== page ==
methacholine challenge

methacholine challenge

[meth′əkō′lēn]
a method of measuring airway activity by an inhalation challenge test. The patient inhales a saline aerosol as a control, followed by increasing concentrations of methacholine chloride, a cholinergic drug. The test is used to confirm the diagnosis of asthma when symptoms are not present. This is a potentially dangerous test and should be performed only by qualified personnel, with resuscitation equipment readily available.
References in periodicals archive ?
Methacholine challenge tests were conducted between 1984 and 2000 using procedures adapted from Chatham et al.
Value of a negative aeroallergen skin-prick test result in the diagnosis of asthma in young adults: Correlative study methacholine challenge testing.
Airway hyper responsiveness was documented by a positive methacholine challenge test.
History and laryngoscopy ruled out asthma in half (13) of the patients mistakenly diagnosed with it; methacholine challenge testing excluded the other half.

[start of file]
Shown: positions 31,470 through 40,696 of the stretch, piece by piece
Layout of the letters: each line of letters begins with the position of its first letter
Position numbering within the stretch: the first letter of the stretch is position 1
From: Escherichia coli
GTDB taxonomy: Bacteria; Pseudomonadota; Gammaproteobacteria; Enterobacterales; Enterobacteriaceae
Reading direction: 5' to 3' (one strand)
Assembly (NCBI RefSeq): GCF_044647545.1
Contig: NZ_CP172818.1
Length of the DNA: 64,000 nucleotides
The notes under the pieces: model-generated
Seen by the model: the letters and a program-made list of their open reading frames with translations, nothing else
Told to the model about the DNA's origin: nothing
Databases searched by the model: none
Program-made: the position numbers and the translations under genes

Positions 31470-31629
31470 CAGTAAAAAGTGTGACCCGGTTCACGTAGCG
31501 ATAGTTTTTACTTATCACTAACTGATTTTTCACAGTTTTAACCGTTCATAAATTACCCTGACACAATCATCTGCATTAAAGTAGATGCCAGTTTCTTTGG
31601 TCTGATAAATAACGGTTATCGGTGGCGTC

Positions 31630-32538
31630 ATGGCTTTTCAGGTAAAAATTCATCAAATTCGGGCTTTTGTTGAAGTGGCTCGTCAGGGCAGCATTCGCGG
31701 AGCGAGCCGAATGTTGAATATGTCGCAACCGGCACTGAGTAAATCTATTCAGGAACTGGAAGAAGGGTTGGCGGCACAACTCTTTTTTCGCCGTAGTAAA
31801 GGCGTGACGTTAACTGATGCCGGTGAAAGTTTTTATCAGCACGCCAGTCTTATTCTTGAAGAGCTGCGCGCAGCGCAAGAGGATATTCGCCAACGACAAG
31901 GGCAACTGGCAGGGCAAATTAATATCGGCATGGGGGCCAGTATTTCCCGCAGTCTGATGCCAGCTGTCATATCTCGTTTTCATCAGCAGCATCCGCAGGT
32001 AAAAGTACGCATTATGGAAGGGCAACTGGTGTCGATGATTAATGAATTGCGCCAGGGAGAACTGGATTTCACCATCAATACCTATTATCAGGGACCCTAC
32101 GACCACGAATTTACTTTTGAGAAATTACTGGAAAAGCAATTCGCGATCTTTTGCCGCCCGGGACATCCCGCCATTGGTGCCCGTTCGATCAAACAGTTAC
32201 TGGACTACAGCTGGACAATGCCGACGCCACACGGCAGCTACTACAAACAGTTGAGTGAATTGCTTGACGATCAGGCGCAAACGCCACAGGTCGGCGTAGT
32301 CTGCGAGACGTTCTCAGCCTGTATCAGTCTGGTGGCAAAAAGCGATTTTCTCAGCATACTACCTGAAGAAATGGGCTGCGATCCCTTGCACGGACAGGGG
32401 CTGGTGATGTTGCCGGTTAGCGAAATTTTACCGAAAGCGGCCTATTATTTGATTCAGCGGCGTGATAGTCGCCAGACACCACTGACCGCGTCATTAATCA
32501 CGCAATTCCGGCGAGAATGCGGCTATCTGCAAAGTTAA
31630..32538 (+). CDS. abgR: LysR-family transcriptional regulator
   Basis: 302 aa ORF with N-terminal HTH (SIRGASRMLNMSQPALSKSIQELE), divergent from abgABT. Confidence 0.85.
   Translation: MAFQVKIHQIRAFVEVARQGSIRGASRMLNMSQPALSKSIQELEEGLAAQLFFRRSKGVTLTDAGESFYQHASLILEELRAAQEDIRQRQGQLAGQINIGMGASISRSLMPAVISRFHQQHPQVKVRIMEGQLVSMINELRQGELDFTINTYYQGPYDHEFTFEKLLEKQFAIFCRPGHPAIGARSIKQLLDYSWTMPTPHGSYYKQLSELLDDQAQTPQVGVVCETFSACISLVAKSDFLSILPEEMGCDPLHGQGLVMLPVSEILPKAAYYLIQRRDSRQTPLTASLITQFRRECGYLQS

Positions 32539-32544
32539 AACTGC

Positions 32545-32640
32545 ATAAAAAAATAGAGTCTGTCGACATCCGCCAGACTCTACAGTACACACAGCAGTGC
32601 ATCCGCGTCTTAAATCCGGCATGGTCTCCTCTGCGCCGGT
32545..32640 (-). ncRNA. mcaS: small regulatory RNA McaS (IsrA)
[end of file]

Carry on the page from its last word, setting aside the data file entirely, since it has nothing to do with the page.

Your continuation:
A positive response is indicated when there is a 15% reduction in lung function from baseline compared to a 20% fall required by a methacholine challenge test.
In addition, patients with vitamin D concentrations below 30 ng/mL had significantly greater airway hyperresponsiveness to methacholine challenge than patients with adequate vitamin D concentrations.
significant bronchoprotection against methacholine challenge.
The drug also gives a prolonged, dose-dependent protection against inhaled methacholine challenge.
Chest examination revealed diffuse wheezing and a prolonged expiratory phase, and pulmonary function testing with a methacholine challenge confirmed hyperreactive airways.
The primary objective of the trial was to compare the ability of NCX 1020, budesonide and placebo to relax the bronchial smooth muscle of the airways following methacholine challenge (see note 2).